Commercial-scale urban agriculture presents opportunities for grocers to benefit from multiple revenue streams, while hedging against uncertain climate futures and meeting consumer demand for locally grown, organic food.
With changing global climates, securing a stable supply chain of fresh produce has become more costly: Unpredictable seasonal rains pose threats to regular crop yields; and rising fossil fuel costs threaten to increase already large transportation costs. Because of consistent demand, transportation costs to fly or truck food in from warmer climates to cooler ones can add up to 40% of total costs, as an Oliver Wyman analysis shows.
In the US, it is estimated that 10% of the national energy budget is dedicated to “bringing food to our tables.” In Europe, the European Commission found that up to 39% of food is wasted during processing and distribution, waste that could be minimized and controlled by the retailer if brought in-house. Agriculture is typically far removed from urban settings, further adding costs, time, and shrink to the produce journey.
At the same time, consumers across the globe are changing buying habits. They are showing an increased awareness of the quality and healthiness of the food they consume, and they are conscious of the environmental impact, especially of the food miles their dish travels before reaching their tables.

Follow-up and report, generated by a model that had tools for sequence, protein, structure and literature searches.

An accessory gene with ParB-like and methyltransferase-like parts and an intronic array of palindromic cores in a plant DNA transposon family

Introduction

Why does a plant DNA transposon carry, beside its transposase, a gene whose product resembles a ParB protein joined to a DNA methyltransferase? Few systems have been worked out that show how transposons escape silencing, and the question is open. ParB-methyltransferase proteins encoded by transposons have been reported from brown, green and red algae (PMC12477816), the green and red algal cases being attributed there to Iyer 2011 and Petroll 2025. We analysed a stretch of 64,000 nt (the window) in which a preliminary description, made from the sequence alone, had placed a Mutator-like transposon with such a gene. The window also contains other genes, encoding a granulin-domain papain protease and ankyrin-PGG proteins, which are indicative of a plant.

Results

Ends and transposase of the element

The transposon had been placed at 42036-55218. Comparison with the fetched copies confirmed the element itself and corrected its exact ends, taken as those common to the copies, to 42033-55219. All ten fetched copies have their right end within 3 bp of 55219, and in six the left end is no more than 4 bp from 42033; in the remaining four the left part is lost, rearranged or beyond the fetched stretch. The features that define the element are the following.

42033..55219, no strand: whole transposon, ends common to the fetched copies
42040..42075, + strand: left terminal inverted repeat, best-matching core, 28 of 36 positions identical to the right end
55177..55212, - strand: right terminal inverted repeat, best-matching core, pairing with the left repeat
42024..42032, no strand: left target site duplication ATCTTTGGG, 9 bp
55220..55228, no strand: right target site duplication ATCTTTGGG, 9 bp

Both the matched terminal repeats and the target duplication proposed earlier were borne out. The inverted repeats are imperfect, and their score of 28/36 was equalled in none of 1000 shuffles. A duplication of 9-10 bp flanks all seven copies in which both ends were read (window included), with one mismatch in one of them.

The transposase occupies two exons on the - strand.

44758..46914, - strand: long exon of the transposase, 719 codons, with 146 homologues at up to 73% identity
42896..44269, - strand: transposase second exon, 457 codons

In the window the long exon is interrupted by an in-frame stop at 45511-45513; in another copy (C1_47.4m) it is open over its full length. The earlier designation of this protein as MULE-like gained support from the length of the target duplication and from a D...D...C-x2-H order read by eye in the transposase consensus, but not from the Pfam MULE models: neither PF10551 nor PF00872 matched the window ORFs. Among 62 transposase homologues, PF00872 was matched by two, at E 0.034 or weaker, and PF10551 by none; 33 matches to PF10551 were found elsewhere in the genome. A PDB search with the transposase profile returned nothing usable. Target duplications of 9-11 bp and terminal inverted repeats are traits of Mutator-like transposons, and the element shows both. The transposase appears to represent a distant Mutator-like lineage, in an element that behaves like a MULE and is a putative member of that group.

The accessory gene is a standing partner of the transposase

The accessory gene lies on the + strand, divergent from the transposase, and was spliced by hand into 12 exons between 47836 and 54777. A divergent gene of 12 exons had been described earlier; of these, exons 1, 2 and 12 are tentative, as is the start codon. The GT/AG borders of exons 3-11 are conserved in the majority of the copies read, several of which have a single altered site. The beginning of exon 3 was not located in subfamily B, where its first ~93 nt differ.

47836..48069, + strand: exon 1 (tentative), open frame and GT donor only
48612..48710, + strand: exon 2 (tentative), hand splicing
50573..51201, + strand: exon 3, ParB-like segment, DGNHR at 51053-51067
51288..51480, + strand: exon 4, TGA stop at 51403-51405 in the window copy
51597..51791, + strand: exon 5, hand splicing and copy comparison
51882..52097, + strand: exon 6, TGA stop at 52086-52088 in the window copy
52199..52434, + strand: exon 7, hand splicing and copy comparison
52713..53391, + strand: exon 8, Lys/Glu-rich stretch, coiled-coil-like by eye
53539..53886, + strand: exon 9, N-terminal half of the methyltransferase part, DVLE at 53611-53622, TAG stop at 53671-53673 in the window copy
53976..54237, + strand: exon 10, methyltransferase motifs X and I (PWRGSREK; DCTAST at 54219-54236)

Rooftop Farms Bring Farming Closer to the City
Rooftops provide an excellent opportunity to bring farming closer back to the city and to further develop urban agriculture around, and occasionally in, densely populated cities. Rooftops present prime real estate for building integrated agriculture solutions, specifically rooftop greenhouses, where farmland may be expensive, or even non-existent.
Rooftop greenhouses typically run on a hydroponic system (aeroponic and aquaponic systems have also been effective). A hydroponic agriculture system requires little to no soil – making rooftops a feasible location for commercial-scale farming. Nutrient-rich solutions are delivered to the plants, which sit in beds of inert materials.
“Hydroponic agriculture is extremely resource-efficient,” explains Paul Lightfoot, CEO of BrightFarms in New York. “Farms are designed to conserve land, water, and eliminate agricultural runoff. As urban greenhouses benefit from year-round growing, they provide more cumulative yields per acre than conventional agriculture. For example, a one acre farm can put out as much as 500,000 pounds of fresh produce per year and feed more than 2,500 people.”
Grocers who integrate and grow their own produce on rooftop farms and at local distribution centres can benefit from multiple revenue streams, reducing costs by at least 37%, according to an Oliver Wyman analysis.